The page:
Let's use small sample size data slices to our advantage with Katron. We can overlay Katron spray charts from several parks manually, allowing for the isolation of data. What if we took the five road ballparks Stewart struggled at the most? The Rockies' third baseman hit particularly poorly at Petco Park, Wrigley Field, Busch Stadium, AT&T Park and Chase Field in 2010. Note: This data IS taken from the road parks, but it is overlain over Coors Field for reference.
So it looks like very few hits to the opposite field and an awful lot of outs on the pull side of the infield. That's the trademark sign of a hitter trying to pull everything. No wonder he didn't have very good success in those road series.
If that axiom of finding success by hitting the ball the other way is correct, we would expect a more evenly distributed spray chart at parks where his road stats are the best. Stewart hit well at Turner Field, Citi Field, Nationals Park, Dodger Stadium and Miller Park:
Now that looks like effective hitting. There are 16 balls on the pull side, 15 on the opposite field side. He only turned over one ball and pulled it on the infield. Clearly, he was locked in when hitting at those parks.
These past two charts are good illustrations of how hitting the other way brings more success. Of course, I must point out they hardly prove causation. The implied correlation is incredibly strong though.
Over the past three days, I have illustrated more aspects to Ian Stewart's game than you probably have ever even thought about. He has undeniable strengths in fan interaction, patience, hitting line drives and hitting away from Coors Field. He has developed strong weaknesses in his batting stance and two-strike approach, has gotten pull-happy and has become inconsistent against left-handed pitching.
So will Ian Stewart fix this? What exactly does he need to do?
First and foremost, Stewart needs to step away from the plate a bit. This will dramatically improve his plate coverage.
"He worked out with new hitting instructor Carney Lansford in North Carolina to get a head start before spring training. He has moved off the plate." - Troy Renck, 1/29/11
Oh. Super. That sounds perfect.
Moving further away from home plate will allow him to cover the inside third of home plate much better than he did in 2010, but it will prevent him from reaching pitches on the outside corner as easily. This means he will need to improve even more on hitting the ball the other way than he ordinarily would have.
"The first and really the only thing he talked with me about when he came in was just getting back to hitting the ball the other way," the left-handed-hitting Stewart said. "He brought video with him from 2007. When I had a good year there and I hit for a pretty good average in the Springs, I was hitting the ball the other way.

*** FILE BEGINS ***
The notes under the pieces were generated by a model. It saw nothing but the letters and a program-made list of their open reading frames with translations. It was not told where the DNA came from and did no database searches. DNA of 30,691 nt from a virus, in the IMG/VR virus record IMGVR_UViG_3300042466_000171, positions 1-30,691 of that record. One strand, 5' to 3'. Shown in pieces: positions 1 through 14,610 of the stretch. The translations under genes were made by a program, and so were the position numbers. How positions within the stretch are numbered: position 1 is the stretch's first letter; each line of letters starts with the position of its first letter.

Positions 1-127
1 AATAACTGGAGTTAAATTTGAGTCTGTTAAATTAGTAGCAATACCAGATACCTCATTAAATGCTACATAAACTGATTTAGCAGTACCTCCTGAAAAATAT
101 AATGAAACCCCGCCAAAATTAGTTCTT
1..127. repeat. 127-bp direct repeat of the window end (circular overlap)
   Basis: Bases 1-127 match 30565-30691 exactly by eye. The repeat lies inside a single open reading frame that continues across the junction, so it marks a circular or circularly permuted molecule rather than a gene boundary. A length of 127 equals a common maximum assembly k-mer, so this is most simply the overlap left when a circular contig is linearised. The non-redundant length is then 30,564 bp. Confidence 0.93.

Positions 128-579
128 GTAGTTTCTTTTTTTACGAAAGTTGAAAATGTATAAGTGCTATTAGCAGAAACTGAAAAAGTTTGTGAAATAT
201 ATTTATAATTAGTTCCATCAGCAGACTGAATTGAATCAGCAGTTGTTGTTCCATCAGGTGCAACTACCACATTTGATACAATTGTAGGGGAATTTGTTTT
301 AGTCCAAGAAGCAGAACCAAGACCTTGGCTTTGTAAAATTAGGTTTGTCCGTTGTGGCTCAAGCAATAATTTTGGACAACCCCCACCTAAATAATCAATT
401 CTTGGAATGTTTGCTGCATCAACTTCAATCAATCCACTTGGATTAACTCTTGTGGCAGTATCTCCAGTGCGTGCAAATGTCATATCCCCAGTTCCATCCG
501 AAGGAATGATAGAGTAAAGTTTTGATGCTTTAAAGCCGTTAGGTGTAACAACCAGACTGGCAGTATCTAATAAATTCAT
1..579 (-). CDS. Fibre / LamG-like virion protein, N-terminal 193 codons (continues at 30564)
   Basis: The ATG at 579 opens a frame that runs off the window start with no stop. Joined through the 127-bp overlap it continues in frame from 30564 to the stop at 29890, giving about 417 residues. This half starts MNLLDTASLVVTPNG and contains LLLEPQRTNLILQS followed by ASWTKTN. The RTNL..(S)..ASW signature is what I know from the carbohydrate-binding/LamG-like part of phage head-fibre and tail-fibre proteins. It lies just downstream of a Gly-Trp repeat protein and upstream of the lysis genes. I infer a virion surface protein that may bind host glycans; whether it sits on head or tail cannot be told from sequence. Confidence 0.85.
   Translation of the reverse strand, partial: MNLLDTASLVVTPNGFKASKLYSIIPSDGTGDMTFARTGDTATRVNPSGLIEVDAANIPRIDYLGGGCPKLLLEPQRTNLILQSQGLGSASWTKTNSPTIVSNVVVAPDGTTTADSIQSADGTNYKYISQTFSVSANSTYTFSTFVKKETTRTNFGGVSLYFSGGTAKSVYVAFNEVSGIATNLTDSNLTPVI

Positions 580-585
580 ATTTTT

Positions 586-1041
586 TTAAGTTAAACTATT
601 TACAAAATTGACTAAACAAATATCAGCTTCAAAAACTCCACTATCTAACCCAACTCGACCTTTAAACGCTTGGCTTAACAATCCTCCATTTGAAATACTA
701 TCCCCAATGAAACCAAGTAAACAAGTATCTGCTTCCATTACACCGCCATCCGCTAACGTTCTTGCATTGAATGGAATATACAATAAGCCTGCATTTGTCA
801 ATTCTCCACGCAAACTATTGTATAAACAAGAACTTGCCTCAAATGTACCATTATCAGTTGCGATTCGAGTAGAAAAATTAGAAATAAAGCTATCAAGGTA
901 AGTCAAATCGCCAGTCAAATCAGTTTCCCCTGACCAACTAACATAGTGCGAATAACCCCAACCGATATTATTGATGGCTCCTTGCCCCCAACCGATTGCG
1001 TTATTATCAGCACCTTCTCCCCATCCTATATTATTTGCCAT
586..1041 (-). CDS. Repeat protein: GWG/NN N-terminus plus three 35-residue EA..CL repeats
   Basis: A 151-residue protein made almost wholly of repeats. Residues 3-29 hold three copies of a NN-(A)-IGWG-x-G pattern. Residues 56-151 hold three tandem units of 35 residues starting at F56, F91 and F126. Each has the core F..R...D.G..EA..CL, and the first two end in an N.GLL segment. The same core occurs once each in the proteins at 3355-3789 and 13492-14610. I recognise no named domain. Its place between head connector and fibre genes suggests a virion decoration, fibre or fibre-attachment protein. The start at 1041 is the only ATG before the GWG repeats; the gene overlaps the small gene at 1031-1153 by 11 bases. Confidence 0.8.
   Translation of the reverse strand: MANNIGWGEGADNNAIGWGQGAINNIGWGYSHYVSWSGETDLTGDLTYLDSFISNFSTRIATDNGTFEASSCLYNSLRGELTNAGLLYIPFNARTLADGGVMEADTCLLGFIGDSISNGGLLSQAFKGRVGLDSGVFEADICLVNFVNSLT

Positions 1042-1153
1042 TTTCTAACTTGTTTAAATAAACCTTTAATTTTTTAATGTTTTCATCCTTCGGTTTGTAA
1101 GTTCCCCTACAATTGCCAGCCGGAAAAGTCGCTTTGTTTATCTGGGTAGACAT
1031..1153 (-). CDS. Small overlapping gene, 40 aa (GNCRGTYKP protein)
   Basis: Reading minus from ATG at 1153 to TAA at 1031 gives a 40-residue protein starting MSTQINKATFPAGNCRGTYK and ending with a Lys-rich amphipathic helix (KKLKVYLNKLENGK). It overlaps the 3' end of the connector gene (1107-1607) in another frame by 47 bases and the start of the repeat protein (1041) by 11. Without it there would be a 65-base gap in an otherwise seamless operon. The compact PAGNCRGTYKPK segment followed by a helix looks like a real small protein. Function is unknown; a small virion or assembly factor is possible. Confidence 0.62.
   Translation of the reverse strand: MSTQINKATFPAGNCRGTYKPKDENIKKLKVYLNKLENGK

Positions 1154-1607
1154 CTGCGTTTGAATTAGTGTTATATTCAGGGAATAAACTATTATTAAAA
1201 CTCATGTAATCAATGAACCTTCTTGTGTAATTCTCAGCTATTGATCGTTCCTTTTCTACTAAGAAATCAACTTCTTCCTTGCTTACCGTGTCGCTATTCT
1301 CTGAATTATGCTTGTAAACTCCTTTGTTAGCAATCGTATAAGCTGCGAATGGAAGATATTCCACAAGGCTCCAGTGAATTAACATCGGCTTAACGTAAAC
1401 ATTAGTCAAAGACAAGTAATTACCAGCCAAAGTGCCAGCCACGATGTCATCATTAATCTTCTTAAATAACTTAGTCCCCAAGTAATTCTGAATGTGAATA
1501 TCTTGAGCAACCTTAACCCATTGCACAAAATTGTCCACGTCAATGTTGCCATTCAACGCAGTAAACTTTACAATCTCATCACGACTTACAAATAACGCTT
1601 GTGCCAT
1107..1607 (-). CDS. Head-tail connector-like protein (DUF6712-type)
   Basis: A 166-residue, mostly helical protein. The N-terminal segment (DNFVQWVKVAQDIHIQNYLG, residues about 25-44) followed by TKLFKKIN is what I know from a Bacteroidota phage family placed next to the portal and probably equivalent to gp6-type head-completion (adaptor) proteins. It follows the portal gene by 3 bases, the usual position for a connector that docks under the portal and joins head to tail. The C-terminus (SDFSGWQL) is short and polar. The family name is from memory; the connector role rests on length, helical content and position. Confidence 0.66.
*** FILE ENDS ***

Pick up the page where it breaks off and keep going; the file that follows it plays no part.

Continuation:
"He said pretty much since I've been in the big leagues, that's one of the things that's kind of haunted me -- I've gotten pull-conscious and haven't used the whole field like I did in the Minor Leagues. So he wanted me to back off the plate and really work on hitting the ball the other way and getting the confidence back -- that I can hit the ball that way." via Thomas Harding, 1/29/11
Huh. Sounds like Carney Lansford knows exactly what he is doing. There is always debate about how much impact a hitting coach can have. After all, he isn't the one swinging the bat. Yet there are undoubtedly certain tweaks to an approach that can unlock monster results. Just look at Troy Tulowitzki since changing his stance. Boom.
Obviously, not all stance changes bring positive results. I think I have set a good case that, in this case, it will. Moreover, Stewart actually has to execute the preachings of Coach Lansford. That might not be so easy. But if he really has skewed away from the formula that helped him post silly offensive numbers in the minors, there is reason for optimism.
As I pointed out Wednesday, Stewart has been a popular pick for a breakout candidate every season of his career. I had not bought in after 2008. With his uberprospect past, it was assumed he would "figure it out" and blossom, but I had never seen anything on the field (or off) to suggest the next season would be any different. In researching for this article, I fully expected to come to the same conclusion this offseason.
Yet Stewart has been doing some very good things on the field in his career in spite of having some major weaknesses in his approach. His line drive percentage is fantastic. His walk rate is strong. He boasts exceptional power. The consistency has just not been there due to the weaknesses in his approach. Aside from his two strike hitting (which would improve as a byproduct of hitting the opposite way), Carney Lansford is having Stewart focus directly and solely on those greatest weaknesses which have plagued him.
If Stewart executes the fixes he is working on, he will hit .280 with 40 home runs this season.
I owe significant thanks to, Justin Bopp and Ian Stewart for their assistance in completing this analysis. Also, thank you Bryan, for allowing me to steal the player review you initially claimed.